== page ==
The supplemental material -- the dossiers and correspondence -- offer some good material of their own, but are especially interesting in revealing de Sade and those he asks for input shaping his work. There are marginal notes reminding him: "You have said this in the text" or: "Insert the years; you forgot to do so", or a note that suggests (surely not very helpfully, regardless of which way one takes it): "Talk about the paving, which I think you already have done". There's a section offering: 'Abridged Descriptions (Very Abridged at That) of Saint Peter's Basilica' with, tucked away in the notes, de Sade going off on Peter as: "one of the first idlers that the opportunist Jesus came across and whom he reckoned thanks to his absurdness worthy of following him, and it was at the home of his mother-in-law that the new magician of the Jews did his first trick".
The correspondence is largely one-sided, the letters de Sade wrote not preserved and mostly only the ones he received found here. They include the heated correspondence from Chiara Moldetti -- who complains that he never writes, even as she throws herself at him. Of particular interest are the questionnaires de Sade sent out, looking for specific bits of information for his book, with a Doctor Mesny particularly obliging in responding. Not everything de Sade asks has to do with Italy either, as he also throws in personal inquiries such as:
[Q] Question concerning my health. Cologne water, in which I place considerable faith, taken internally and mixed into some liqueur, can it assuage stomach pains occasioned by slow and painful digestion ? Does it have any drawbacks ? I am subject to these troubles.The entire volume is painstakingly presented, a model piece of scholarship, with Steintrager (of course also building on Lever) tracking down each reference, seeking out exact quotes, providing additional information (such as what exactly that punishment for Vestal Virgins who violated the laws of chastity involved) -- and correcting de Sade where necessary (or noting where, for example: "Sade's description wants clarity"). The volume is a beautiful piece of work in every respect -- and Steintrager's lengthy Introduction very helpful in placing it in context and showing the influences on de Sade's later, better-known work.
Much of the value of this work is in the strayest bits, such as the mention of a 1779 letter by Madame de Sade to her husband, writing: "Once again all your ideas are killing you and making me despair; there is nothing commonsensical in them", or in the eerie point where de Sade describes how easily lawlessness prevails in part of the country -- writing about a place just a few kilometers from where his son "would be murdered by Neapolitan bandits" some two decades later.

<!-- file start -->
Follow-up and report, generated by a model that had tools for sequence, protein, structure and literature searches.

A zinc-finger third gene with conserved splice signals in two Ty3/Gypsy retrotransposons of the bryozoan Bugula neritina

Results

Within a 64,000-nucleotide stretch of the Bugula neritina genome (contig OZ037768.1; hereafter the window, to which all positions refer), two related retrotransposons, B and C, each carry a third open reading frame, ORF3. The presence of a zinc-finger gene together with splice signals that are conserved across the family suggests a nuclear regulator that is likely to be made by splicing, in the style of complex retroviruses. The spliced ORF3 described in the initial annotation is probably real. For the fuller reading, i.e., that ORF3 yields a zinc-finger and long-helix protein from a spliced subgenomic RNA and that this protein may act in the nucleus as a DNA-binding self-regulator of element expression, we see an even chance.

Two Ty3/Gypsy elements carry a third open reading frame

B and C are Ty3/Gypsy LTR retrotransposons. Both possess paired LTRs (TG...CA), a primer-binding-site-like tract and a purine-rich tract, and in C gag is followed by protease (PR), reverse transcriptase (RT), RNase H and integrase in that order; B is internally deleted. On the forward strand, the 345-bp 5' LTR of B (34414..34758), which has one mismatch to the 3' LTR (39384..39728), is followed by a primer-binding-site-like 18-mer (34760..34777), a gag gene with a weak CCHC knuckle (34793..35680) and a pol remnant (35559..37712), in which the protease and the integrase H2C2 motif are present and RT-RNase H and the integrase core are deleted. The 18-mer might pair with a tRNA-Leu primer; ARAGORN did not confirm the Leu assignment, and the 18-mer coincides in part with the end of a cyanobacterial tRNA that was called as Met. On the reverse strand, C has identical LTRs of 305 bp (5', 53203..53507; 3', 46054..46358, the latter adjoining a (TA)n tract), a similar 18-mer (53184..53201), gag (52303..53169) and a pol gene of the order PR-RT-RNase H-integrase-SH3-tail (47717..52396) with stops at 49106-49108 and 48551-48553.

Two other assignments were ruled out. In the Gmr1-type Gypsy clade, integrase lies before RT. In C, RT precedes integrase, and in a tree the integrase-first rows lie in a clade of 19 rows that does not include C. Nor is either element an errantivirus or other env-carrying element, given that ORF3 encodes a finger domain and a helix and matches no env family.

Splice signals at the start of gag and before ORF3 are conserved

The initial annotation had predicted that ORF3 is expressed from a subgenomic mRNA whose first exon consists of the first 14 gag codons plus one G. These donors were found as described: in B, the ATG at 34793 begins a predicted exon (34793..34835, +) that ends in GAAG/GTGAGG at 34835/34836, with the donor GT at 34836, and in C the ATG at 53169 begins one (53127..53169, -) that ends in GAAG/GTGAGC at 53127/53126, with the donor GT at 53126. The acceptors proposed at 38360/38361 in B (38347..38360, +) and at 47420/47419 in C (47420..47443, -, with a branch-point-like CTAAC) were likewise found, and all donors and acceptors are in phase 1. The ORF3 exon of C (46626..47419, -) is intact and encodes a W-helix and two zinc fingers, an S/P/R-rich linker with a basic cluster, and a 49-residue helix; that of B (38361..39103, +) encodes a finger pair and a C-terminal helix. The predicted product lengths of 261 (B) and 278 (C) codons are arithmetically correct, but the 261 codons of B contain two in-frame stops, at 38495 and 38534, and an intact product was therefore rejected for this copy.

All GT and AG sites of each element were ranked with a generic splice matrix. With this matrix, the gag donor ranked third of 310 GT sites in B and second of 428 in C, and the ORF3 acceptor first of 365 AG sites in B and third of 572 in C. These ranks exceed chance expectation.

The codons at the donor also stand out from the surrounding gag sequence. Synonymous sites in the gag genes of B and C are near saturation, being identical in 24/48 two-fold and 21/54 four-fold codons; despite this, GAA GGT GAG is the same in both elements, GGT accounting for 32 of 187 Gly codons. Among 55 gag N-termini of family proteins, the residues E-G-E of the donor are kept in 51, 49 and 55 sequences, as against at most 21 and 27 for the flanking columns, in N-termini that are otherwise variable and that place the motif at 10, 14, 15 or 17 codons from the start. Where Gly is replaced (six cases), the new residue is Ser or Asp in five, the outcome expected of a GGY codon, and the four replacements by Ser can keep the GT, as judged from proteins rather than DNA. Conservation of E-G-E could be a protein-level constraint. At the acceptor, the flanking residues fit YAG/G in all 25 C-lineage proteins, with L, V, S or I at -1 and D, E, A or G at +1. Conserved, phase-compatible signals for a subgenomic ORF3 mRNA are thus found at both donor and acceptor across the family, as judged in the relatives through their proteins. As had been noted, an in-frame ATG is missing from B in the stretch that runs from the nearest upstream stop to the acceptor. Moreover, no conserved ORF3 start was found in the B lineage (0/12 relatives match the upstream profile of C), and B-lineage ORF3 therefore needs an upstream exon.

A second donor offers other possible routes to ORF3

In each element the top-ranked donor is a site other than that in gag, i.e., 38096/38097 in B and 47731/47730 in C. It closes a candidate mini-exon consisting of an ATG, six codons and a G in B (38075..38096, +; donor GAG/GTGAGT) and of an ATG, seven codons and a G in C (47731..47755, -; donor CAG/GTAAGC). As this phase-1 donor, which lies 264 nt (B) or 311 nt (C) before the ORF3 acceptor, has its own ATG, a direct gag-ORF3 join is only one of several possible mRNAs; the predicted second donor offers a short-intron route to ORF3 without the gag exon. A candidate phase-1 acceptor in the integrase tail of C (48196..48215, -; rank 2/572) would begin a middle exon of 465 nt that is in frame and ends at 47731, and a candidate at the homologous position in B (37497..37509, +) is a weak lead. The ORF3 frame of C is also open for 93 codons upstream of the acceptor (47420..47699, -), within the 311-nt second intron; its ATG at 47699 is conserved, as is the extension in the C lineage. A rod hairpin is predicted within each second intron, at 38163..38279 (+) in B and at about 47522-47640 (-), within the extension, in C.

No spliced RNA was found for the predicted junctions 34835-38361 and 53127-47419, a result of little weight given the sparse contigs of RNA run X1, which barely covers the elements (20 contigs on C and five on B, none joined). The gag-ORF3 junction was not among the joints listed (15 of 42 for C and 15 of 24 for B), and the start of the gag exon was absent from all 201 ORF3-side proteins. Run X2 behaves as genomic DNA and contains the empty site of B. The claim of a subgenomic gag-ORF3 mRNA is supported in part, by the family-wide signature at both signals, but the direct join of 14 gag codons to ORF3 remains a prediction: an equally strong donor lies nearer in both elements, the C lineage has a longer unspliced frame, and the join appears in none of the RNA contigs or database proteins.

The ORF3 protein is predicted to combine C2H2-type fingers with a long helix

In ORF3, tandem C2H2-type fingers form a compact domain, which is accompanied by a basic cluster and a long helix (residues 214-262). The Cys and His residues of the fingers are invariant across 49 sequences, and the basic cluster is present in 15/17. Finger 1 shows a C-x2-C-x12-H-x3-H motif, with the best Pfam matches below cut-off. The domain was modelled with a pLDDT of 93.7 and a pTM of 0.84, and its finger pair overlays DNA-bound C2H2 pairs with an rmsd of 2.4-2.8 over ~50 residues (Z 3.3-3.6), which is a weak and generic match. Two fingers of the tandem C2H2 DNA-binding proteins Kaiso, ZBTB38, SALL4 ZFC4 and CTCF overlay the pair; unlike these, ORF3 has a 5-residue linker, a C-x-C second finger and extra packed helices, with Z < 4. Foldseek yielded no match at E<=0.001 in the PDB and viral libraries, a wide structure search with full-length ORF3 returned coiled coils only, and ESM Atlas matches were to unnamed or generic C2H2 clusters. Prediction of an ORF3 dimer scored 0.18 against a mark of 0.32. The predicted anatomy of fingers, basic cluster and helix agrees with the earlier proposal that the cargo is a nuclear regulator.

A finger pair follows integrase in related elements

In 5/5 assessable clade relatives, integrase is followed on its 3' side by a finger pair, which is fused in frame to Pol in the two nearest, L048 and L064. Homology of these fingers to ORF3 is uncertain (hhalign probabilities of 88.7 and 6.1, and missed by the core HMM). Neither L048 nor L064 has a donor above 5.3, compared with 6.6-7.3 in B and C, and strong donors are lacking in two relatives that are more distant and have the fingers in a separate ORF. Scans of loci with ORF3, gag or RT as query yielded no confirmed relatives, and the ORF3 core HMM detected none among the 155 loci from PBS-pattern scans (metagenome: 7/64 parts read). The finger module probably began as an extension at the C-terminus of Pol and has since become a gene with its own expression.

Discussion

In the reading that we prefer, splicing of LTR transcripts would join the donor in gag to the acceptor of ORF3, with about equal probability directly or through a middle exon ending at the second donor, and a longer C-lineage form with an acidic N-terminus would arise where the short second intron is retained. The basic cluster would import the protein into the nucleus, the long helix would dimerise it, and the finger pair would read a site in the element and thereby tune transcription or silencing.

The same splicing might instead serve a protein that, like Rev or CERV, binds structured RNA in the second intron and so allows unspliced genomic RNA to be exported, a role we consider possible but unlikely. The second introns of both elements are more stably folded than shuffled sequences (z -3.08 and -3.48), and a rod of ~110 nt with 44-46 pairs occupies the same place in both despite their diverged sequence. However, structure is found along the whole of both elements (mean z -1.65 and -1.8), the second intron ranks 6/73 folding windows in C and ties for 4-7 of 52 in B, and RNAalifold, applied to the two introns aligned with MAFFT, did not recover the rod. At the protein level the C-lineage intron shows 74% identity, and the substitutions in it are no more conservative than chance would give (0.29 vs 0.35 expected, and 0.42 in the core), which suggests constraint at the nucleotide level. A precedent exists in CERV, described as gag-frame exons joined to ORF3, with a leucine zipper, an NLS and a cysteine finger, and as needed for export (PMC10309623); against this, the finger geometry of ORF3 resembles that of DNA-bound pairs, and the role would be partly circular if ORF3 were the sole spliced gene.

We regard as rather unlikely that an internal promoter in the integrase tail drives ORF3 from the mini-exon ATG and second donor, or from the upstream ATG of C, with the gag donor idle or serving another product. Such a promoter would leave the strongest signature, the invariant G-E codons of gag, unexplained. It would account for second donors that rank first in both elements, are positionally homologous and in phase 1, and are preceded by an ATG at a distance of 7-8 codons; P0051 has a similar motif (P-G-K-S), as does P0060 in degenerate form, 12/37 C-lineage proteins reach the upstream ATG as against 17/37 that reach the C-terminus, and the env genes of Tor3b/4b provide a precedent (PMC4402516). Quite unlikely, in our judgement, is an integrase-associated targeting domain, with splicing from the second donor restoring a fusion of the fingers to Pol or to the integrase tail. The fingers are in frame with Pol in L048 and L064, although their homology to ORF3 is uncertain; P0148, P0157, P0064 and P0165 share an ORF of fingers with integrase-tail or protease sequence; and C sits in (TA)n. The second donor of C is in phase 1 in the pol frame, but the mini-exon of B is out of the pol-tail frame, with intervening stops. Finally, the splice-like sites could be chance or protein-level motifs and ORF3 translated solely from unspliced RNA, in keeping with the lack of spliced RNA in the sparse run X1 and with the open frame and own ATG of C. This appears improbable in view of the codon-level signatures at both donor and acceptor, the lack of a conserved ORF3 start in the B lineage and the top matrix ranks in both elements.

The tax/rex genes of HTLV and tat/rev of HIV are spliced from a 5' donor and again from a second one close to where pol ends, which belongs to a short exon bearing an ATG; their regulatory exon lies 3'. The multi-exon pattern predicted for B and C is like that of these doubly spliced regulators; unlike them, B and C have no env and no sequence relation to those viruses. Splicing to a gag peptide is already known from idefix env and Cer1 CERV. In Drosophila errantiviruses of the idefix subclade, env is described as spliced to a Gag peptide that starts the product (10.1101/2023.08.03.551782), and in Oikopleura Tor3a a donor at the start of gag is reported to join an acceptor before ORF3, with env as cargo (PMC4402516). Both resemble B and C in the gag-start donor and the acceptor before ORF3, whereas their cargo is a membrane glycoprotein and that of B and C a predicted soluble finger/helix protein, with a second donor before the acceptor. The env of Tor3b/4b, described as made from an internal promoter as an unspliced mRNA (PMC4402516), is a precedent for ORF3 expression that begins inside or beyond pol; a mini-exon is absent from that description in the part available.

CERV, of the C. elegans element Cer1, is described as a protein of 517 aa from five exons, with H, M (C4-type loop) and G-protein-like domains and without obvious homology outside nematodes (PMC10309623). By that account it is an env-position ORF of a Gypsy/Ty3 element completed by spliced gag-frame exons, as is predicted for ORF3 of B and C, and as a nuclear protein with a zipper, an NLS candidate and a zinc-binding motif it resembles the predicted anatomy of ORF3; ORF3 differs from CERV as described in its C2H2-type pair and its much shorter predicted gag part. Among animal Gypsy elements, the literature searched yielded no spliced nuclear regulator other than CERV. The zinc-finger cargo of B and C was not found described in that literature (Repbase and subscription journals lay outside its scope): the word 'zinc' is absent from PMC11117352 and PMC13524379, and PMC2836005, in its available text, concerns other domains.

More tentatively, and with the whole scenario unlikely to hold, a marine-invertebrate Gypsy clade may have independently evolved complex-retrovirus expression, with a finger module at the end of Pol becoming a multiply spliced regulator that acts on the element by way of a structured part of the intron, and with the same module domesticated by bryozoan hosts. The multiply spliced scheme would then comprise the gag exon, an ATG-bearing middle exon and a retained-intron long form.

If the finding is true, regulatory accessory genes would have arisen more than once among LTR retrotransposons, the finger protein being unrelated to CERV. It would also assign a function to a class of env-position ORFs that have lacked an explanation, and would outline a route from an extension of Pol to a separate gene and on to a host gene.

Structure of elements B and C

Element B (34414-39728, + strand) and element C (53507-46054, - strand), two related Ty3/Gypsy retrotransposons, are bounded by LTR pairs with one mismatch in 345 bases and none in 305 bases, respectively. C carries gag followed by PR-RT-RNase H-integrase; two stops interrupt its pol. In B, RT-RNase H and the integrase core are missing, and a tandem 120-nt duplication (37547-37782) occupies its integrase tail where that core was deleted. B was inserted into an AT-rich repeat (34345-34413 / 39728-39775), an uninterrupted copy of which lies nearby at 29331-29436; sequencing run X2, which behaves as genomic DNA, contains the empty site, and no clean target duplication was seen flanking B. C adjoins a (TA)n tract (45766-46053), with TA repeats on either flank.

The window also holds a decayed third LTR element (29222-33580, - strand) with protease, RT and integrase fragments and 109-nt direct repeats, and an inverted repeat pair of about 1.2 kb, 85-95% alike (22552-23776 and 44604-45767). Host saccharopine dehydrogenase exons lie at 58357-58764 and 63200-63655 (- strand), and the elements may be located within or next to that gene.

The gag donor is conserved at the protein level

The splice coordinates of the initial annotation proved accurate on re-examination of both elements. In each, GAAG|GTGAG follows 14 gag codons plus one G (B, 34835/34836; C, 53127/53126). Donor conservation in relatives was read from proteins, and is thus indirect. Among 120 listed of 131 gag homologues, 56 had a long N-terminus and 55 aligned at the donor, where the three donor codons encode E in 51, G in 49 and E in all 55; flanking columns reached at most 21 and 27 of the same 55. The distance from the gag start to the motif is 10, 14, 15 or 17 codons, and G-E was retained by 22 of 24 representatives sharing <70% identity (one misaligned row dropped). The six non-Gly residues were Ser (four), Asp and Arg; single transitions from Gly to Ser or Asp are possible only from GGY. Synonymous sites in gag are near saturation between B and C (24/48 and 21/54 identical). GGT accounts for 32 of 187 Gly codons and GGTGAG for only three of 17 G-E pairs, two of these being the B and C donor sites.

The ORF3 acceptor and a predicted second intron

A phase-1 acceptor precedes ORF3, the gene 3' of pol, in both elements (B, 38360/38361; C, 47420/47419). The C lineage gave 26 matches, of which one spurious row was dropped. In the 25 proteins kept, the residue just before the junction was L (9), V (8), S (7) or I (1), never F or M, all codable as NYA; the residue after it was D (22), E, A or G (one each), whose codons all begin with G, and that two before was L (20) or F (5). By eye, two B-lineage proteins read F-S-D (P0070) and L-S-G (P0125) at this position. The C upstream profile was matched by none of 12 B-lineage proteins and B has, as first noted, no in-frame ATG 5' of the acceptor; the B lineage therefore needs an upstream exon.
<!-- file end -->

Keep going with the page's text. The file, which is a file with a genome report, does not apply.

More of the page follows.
If exhausting in its exhaustiveness -- so also in the all-inclusiveness of this volume, extending to the surrounding notes and correspondence -- Journey to Italy is still a fascinating document of its times, and along its long way offers considerable insight into the Italy of the late eighteenth century (taken with more than a grain of salt, of course as de Sade clearly tends towards seeing the worst in then-present day Italy and its inhabitants). Of course, the book is also of considerable interest in the light it casts on its author and his future work.
Though incomplete, and not published until nearly two hundred years after it was written, Journey to Italy is quite readable -- though presumably many would-be readers would tend towards skimming in parts. Certainly, especially in this excellent presentation, there are many nuggets here which make a closer reading worthwhile; obviously, this isn't for everyone, but readers interested in Italian culture, those specific times, and in de Sade as man and author will find a great deal here that is worthwhile.
Journey to Italy is also simply a beautiful book, physically (yes, with the price tag to go with it), which never hurts.
- M.A.Orthofer, 25 April 2022
- Return to top of the page -
- Return to top of the page -
Notorious French author Donatien Alphonse François de Sade lived 1740 to 1814.
- Return to top of the page -